Clio has taught education courses at the college level and has a Ph.D. in curriculum and instruction.
Using a Top Down Approach to Reading
Are you trying to help your students improve their reading comprehension and their capacity to make meaning from the different texts they encounter? One way to do this is to spend some time on the top down approach to reading. Top down reading means taking prior knowledge into account when encountering a new text, so that a student's active schema related to a particular topic or theme helps them incorporate what they learn from their reading. Further, in top down reading, students focus more on the overall meaning of a text rather than on individual words or phrases.
To get students practicing top down reading, you probably want to incorporate different activities into your instruction. The activities in this lesson can be modified to meet the needs of students at different ages and reading levels as they work with a top down approach to reading.
These top down reading activities are great for visual learners, who can benefit from using images or graphic organizers as they read.
Start With the Setting
Ask your students to preview a fiction text by skimming it for clues as to where it takes place. When they feel they have a mental image, they should create a sketch that corresponds with what they are envisioning. Their sketch will enable them to form a richer internal image of what the story looks like as it moves. Then, as students read, let them return to their images and modify them with characters and additional details.
A Few Key Words
Activating vocabulary knowledge is a key aspect of top down reading in the content areas. If students are about to read a piece of nonfiction, give them a set of five to ten vocabulary words to start with. Have them learn the meaning of these words and then create a small icon or sketch to help them remember the word and what it means. They can use the miniature visual glossary they have created to make predictions about the text's content as well as to assist them as they work their way through it.
Here, you will find top down reading activities well suited to learners who like to work with their hands and bodies.
Moods and Emotions
Explain to your students that a big part of understanding a text is accessing the overall mood behind a particular story or scene. As your students read, ask them to make exaggerated facial expressions or gestures to reflect the feeling behind the text. They can do this privately, or with partners. You can even give students small hand mirrors so that they can see their faces as they read. Encourage students to think about what it does to their comprehension to focus on mood in this way.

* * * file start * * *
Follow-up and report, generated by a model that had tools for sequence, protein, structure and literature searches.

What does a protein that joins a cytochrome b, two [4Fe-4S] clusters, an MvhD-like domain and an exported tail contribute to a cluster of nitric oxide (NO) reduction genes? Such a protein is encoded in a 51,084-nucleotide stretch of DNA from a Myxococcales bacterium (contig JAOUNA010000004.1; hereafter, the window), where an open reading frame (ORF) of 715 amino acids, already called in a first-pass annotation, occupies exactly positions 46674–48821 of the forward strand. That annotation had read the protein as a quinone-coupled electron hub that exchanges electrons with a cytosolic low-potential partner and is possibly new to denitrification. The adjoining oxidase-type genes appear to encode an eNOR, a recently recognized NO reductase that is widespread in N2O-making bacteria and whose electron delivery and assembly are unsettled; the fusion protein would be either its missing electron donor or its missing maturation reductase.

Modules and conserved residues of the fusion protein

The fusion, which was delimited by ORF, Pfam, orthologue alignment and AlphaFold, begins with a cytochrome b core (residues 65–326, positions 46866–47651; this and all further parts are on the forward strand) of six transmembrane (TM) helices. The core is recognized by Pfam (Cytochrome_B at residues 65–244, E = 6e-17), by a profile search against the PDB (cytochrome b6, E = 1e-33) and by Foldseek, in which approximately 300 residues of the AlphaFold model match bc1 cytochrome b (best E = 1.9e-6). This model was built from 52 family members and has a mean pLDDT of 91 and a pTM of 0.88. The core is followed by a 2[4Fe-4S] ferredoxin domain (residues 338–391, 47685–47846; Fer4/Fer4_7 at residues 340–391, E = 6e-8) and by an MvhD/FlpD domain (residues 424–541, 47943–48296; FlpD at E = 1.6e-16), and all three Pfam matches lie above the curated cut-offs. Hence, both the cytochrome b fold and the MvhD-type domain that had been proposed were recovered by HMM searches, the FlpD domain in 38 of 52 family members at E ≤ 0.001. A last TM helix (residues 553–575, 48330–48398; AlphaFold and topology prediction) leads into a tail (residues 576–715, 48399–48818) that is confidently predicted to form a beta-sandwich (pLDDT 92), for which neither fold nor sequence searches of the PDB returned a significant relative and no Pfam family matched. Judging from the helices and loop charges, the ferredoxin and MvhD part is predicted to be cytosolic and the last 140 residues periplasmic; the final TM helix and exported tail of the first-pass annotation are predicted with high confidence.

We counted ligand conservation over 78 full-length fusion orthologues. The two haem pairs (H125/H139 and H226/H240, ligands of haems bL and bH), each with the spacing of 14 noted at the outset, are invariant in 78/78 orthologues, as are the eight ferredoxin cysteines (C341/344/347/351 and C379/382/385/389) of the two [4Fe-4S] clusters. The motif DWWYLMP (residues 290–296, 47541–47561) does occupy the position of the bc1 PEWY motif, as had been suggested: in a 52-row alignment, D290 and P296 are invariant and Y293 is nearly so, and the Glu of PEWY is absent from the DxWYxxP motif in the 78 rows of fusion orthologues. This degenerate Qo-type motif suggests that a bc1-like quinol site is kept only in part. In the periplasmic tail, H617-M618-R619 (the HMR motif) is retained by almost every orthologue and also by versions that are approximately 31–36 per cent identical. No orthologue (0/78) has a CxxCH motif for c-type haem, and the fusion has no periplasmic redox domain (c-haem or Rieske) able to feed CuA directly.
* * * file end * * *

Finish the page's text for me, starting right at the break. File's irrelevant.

Sometimes, students read either fiction or nonfiction about people or characters they're already familiar with. Ask students to use clay or cardboard to construct a model of the person or people they are preparing to read about. Their models should reflect physical appearance but can also be captioned to reflect personality and behavior. They can keep these models near them as they read, and make changes to them as they learn more about a particular fiction or nonfiction character.
Finally, these activities employ language as students work on top down reading strategies.
What Will Happen Next?
Ask students to do this activity when they are reading a chapter book. After they finish one chapter, they should write a few sentences describing their prediction of what will happen in the next chapter, and they should explain why they think this will happen. They can keep track of how often their predictions are right, as well as how their predictions help them pay attention differently to text.
Talk it Through
If your students are about to read a complicated nonfiction text, break them into partnerships or small groups. Tell them the topic they are going to read about, and ask them to discuss with partners what they already know about this topic and what questions they still have. They can take notes on their conversation or simply keep it an oral activity. Then, as they read, encourage them to think about how the conversation prepared them for more astute comprehension.
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